At the start of The Immigrant, Polish refugee sisters Ewa (Marion Cotillard) and Magda (Angela Sarafyan) are thrilled to arrive at Ellis Island in 1923 New York. Their happiness is short-lived, though. Magda is diagnosed with tuberculosis and quarantined. Ewa’s aunt and uncle, who were supposed to pick her up, are no-shows, and her unspecified behavior on the ship that brought her to the United States was deemed to be of “low morals” by the authorities. She’s only been in America for a few hours, and already she’s designated for deportation.
Then a friendly, charming American, Bruno (Joaquin Phoenix), steps in and assumes responsibility for Ewa, who guardedly goes along with him. Bruno takes her to his cramped but cozy Lower East Side apartment, offers her food and a place to rest. Ewa is no innocent — she goes to bed with a shiv hidden underneath her pillow — but she’s broke, desperate and has no choice but to accept the kindness of this stranger, who seems to want nothing from her. Soon, however, the reasons for Bruno’s good Samaritan act are revealed.
But this is the first film Gray has made with a female protagonist — he wrote the part specifically for Cotillard — and he gives the character the same resilience and resourcefulness usually reserved in movies for men. Ewa doesn’t need rescuing: She just needs a little help establishing a foothold in this hostile foreign land, and when backed into a corner, she forces herself to do things that violate her Catholic faith, all in the hope of being reunited with her sister.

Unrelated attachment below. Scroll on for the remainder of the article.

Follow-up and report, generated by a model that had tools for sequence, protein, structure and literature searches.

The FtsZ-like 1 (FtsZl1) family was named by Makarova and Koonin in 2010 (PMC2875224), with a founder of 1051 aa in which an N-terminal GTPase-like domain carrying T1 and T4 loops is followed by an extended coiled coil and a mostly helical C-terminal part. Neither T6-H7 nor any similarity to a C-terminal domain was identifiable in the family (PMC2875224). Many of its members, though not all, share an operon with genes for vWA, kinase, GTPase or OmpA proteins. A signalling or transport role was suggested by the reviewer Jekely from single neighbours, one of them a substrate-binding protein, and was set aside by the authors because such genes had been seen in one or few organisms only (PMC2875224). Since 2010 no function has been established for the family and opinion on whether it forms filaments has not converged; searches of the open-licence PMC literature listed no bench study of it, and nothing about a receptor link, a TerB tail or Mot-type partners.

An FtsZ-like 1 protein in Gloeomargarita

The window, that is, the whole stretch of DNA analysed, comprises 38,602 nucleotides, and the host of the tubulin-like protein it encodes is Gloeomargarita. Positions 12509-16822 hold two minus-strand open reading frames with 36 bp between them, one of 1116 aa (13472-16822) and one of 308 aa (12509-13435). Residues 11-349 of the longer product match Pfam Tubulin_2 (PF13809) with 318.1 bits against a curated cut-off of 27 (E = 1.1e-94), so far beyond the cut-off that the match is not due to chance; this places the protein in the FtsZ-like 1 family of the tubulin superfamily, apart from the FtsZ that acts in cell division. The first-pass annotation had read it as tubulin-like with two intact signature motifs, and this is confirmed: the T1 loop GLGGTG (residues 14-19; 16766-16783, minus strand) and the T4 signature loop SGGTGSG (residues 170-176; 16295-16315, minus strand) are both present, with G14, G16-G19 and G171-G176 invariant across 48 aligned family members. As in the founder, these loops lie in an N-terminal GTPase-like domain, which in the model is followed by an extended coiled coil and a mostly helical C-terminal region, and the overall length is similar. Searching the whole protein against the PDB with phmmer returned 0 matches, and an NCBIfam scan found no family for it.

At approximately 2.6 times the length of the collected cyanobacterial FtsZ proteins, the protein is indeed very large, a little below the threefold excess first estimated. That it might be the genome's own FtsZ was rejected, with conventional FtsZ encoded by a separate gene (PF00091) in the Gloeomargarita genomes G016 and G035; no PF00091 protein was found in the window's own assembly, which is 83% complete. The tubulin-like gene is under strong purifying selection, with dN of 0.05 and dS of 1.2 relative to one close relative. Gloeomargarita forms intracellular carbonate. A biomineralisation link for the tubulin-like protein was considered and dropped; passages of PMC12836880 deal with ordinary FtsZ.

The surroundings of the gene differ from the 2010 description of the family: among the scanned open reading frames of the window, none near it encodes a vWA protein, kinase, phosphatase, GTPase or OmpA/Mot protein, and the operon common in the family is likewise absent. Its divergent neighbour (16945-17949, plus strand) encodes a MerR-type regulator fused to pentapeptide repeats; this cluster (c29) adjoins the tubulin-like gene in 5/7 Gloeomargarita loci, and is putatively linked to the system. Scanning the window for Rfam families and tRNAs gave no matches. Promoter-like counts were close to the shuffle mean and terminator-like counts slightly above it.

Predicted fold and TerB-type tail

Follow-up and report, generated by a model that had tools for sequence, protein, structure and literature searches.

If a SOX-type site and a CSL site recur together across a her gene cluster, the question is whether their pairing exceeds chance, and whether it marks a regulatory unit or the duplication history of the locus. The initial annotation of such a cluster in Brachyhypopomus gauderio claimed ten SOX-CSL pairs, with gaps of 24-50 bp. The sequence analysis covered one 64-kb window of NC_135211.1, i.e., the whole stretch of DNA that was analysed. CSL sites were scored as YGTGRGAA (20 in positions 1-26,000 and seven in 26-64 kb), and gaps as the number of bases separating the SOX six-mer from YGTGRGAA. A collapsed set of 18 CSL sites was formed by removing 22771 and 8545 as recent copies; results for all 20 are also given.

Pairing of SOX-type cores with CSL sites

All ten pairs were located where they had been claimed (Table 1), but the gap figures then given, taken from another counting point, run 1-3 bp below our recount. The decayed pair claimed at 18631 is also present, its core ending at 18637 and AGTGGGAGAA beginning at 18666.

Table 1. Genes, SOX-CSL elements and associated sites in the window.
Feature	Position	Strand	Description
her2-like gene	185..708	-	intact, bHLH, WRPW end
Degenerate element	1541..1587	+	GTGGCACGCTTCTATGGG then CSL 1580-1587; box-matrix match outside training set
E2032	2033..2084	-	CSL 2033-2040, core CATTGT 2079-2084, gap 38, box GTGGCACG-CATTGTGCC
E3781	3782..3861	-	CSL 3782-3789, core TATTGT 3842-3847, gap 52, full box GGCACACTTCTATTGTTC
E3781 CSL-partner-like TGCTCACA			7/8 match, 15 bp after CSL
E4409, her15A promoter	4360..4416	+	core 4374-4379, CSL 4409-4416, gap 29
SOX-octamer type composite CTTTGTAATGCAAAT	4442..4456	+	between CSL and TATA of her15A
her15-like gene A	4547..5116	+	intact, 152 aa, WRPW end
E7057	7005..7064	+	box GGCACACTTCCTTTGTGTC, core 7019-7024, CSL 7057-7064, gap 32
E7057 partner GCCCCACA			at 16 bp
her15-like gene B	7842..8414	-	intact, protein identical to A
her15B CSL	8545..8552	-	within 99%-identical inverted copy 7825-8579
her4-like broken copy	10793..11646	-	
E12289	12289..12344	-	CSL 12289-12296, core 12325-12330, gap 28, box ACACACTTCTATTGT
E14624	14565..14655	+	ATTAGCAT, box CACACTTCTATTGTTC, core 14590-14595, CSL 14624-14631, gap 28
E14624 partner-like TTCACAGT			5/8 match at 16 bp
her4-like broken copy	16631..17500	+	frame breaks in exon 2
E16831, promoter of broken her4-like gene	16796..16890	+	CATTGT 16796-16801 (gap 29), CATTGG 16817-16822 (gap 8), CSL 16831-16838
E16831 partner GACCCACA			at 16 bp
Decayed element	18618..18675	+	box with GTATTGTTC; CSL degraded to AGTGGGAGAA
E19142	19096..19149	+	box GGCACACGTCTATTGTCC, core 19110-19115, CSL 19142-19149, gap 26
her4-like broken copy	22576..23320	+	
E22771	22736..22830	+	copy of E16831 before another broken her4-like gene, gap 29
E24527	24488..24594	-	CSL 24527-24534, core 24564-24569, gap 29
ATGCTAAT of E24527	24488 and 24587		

This is the fourth film Gray has made with Phoenix, and their most fruitful collaboration to date. Bruno is a complicated character: He’s capable of being kind and compassionate, but he’s also manipulative, shady and prone to violent bursts of temper, and Phoenix refuses to reduce the character to a simple type. Even at his most reprehensible, when he’s exploiting needy women in the worst ways, the actor never succumbs to moustache-twirling clichés. Bruno is a businessman, first and foremost. He means no one any harm (well, almost no one), and as the story unfolds, he even starts to develop a conscience.
Shot by the great Darius Khondji ( Seven, Evita) in evocative sepia tones, The Immigrant captures the feel and look of its era, and the actors blend nicely into the period atmosphere (even Renner, known mostly for modern-day heroic types, fits right in). Gray keeps the pace hopping with an actual plot where most films of this sort would settle for delving into the heroine’s situation, and the performances are so strong that The Immigrant engages you despite the specificity of its long-ago premise. “Is it a sin to want to survive when I have done so many bad things?” a tortured Ewa asks a priest during confession. The ambiguous answer, according to the movie, is maybe — but so what?